Recent amendments to the Corporations Act 2001 in Australia operate to prevent a party from terminating contracts entered into after 1 July 2018 on the basis that the company is in voluntary administration (i.e. an ‘ipso facto’ clause – being contractual provisions that allow one party to suspend the performance of a contractual obligation or terminate a contract upon the happening of an insolvency event). The purpose of these amendments is to preserve value in the company and avoid having contracts terminated, giving the company its best chance of successfully restructuring.

          These changes will impact landlords of retail tenants. Upon the appointment of a Voluntary Administrator to the tenant, the landlord cannot enforce the right to terminate the lease (if entered into after 1 July 2018). There is now an automatic stay or ‘pause’ on that right. The stay or ‘pause’ operates whilst a restructure is undertaken and automatically ceases when the tenant company is wound up. As a result of the amendments, so long as the tenant company complies with its obligations under the lease, the landlord will no longer be able to terminate the lease due to the appointment of the administrators. As a result, the commercial options available to landlords have been reduced, although they will still be able to terminate for ‘non insolvency event’ breaches.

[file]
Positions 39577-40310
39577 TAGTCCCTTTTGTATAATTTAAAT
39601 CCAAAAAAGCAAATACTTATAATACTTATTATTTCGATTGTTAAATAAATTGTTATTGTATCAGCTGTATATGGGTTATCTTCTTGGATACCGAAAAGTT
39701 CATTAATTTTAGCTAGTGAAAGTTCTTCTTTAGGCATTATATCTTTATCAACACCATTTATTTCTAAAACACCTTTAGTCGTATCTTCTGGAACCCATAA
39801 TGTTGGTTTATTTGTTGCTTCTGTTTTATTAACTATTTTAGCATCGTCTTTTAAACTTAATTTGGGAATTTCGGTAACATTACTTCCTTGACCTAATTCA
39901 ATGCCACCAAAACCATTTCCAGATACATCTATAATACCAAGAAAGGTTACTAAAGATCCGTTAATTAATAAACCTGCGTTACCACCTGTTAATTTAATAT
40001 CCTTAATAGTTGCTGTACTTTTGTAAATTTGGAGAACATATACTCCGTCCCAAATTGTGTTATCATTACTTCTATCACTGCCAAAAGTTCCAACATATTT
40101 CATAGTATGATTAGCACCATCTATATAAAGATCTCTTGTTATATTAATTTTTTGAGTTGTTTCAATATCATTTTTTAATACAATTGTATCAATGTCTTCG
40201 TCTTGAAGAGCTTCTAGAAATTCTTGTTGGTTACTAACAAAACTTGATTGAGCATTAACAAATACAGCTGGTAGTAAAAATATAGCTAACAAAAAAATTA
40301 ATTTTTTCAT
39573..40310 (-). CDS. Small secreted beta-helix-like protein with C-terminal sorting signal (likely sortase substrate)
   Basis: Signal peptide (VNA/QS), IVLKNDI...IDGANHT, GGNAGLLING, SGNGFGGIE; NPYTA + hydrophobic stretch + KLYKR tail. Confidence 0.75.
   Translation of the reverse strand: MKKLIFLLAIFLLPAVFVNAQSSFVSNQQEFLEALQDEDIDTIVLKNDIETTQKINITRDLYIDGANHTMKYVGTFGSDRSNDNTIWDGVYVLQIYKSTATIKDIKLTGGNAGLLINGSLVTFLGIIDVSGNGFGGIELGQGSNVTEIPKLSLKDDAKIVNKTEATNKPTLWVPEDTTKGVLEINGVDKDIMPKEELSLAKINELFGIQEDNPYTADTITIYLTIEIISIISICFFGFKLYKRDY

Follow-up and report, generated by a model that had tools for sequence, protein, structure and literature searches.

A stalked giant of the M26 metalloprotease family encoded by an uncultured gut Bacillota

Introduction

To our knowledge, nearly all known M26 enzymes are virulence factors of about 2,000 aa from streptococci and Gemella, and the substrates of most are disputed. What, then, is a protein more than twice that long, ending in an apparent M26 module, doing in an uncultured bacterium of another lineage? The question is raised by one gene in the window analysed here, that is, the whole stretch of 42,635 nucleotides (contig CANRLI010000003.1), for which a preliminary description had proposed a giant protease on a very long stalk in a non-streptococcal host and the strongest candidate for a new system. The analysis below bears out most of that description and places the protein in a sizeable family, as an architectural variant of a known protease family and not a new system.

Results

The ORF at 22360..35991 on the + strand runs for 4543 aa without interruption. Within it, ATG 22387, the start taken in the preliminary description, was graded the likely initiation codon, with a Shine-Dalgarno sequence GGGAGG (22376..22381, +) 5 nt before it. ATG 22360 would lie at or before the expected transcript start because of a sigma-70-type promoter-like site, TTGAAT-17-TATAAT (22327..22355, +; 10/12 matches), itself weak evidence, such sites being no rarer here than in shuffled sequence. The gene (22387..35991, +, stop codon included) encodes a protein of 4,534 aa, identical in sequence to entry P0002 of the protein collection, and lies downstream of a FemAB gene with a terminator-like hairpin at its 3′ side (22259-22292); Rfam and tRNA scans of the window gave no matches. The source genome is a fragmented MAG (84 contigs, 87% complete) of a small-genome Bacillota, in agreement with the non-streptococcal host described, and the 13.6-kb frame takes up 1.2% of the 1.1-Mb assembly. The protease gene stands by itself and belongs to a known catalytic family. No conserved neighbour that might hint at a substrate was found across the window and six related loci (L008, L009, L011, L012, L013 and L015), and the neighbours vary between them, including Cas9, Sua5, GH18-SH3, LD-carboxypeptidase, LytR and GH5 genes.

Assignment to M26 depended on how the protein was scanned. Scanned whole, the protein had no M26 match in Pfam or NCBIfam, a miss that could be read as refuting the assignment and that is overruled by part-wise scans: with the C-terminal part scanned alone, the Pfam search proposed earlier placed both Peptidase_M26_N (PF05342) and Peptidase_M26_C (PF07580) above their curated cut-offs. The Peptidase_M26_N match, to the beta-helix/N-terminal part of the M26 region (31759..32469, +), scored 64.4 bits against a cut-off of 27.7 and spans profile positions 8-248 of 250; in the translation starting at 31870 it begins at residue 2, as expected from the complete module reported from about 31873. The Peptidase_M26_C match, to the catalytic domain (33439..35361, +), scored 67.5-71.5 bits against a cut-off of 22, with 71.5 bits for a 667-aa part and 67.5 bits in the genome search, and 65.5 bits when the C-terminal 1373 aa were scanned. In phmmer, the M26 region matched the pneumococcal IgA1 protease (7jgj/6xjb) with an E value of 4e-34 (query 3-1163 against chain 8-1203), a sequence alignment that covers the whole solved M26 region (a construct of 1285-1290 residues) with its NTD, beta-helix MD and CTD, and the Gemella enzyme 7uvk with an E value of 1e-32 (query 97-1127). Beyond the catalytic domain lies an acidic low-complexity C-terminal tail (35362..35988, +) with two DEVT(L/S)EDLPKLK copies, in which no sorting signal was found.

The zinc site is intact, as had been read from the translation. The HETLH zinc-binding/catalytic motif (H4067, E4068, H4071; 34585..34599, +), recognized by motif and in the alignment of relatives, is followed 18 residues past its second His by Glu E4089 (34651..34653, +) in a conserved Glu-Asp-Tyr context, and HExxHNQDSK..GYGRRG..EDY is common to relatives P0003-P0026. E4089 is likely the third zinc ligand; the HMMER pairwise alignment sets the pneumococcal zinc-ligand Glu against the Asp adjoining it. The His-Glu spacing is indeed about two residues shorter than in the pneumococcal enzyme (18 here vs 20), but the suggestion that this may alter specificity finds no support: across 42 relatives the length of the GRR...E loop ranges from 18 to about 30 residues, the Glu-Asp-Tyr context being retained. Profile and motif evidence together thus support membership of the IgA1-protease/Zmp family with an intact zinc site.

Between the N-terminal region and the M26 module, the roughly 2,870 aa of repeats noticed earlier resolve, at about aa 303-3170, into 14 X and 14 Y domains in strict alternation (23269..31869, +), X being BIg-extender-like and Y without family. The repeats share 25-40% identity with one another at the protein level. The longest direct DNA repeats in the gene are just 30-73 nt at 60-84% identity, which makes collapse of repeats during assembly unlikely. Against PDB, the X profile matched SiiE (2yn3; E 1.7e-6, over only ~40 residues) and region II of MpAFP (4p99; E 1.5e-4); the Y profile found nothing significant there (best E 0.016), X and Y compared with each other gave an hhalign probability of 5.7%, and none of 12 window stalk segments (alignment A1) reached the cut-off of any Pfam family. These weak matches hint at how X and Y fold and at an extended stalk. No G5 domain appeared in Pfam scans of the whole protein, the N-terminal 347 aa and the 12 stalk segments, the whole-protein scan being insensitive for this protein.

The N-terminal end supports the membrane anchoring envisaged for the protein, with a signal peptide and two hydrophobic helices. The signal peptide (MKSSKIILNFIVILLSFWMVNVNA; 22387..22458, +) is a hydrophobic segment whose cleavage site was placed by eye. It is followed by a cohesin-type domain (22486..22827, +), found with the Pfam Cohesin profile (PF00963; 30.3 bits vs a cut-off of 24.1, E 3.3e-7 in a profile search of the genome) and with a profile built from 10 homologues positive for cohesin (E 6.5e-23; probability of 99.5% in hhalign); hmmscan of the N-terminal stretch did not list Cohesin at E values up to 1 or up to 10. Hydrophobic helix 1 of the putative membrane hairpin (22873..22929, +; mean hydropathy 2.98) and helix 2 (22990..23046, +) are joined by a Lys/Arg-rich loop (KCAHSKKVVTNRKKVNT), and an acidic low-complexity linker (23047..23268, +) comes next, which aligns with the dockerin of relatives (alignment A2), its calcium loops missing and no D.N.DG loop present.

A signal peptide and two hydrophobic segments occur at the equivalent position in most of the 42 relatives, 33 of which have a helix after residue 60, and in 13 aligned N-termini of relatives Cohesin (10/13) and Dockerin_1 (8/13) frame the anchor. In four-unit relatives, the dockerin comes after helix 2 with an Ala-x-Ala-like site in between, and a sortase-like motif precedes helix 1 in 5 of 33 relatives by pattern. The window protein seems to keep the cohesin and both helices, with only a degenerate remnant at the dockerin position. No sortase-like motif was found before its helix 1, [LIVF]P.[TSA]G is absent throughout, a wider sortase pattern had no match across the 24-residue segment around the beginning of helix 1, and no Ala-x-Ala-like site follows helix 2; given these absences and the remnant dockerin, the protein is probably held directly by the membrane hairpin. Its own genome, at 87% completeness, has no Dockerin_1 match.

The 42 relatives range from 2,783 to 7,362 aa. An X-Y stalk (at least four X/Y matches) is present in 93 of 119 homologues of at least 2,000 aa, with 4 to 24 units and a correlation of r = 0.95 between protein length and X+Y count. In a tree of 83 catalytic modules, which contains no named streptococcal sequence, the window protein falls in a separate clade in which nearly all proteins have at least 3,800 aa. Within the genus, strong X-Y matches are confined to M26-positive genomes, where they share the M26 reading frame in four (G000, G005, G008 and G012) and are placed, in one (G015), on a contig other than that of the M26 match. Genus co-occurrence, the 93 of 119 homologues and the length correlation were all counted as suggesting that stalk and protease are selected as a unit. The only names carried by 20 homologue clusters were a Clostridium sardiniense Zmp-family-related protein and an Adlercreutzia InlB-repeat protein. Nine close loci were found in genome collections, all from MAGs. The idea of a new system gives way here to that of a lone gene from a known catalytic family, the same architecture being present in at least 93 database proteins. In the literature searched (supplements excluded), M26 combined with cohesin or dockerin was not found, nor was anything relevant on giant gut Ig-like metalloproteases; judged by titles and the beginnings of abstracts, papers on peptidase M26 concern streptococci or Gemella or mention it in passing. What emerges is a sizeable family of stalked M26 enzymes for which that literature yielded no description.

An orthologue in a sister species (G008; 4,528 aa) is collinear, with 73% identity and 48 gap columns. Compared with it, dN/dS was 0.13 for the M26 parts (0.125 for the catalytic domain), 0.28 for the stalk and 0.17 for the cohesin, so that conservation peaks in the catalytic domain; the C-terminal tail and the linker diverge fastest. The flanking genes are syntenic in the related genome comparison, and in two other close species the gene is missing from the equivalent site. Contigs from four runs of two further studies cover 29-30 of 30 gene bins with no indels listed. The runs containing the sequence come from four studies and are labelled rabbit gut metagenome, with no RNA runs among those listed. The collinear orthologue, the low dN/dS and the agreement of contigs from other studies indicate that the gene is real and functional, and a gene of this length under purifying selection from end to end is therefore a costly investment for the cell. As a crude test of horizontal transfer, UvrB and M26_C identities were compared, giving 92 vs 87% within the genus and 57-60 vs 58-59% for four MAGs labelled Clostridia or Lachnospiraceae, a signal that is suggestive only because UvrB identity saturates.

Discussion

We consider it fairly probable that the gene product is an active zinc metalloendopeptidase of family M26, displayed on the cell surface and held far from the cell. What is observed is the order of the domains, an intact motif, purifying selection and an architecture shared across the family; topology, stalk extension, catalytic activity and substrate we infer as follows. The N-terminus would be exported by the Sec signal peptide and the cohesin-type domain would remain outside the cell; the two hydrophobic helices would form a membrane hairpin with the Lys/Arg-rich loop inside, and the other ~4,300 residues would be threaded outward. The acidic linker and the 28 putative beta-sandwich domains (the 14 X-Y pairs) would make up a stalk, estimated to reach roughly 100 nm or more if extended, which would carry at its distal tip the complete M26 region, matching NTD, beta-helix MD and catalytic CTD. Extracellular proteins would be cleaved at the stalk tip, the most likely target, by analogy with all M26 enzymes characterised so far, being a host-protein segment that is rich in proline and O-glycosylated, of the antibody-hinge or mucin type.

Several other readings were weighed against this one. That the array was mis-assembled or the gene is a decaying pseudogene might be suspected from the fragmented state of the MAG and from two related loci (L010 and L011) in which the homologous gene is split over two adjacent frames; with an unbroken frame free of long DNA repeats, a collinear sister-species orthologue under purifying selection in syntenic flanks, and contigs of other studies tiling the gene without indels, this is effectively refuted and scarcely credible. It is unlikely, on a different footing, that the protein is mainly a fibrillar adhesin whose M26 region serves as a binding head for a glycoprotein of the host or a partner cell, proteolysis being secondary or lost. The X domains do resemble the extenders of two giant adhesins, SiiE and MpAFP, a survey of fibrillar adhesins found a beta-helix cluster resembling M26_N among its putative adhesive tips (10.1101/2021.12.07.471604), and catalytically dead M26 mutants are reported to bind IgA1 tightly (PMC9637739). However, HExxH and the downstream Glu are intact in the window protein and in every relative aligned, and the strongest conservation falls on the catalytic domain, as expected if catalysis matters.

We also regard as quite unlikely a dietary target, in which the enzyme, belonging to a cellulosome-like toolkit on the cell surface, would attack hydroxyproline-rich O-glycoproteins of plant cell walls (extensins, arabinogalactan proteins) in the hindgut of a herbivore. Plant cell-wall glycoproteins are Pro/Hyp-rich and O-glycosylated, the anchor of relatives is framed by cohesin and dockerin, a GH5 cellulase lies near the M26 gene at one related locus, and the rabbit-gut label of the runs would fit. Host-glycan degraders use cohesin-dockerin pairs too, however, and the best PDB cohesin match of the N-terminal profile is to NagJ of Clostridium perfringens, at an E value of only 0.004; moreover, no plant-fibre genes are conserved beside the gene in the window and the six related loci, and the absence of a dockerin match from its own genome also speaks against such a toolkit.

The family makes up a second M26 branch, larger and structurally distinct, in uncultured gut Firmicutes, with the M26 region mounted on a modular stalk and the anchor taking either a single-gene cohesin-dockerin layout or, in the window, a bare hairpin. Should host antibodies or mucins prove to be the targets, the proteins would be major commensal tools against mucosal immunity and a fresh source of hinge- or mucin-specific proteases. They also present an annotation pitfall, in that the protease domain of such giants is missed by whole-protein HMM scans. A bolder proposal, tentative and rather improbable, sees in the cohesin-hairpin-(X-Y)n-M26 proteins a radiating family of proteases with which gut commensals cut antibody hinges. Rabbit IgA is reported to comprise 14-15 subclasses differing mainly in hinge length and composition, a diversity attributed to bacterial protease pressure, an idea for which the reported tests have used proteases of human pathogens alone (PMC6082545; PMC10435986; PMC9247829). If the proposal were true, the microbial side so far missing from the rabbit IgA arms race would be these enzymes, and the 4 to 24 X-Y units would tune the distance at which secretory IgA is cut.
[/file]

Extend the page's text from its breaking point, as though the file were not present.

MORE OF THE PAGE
In moving forward, we are seeing landlords including clauses in new leases that require tenants to provide financial information and other similar requirements on a regular basis to monitor a tenant’s capacity to meet its obligations under the lease. The purpose of these clauses is to provide a mechanism for a landlord to terminate a lease if it is not satisfied with the tenant's capacity to carry on the business, and thereby overcome the restriction of not being able to terminate because of an ‘insolvency event’.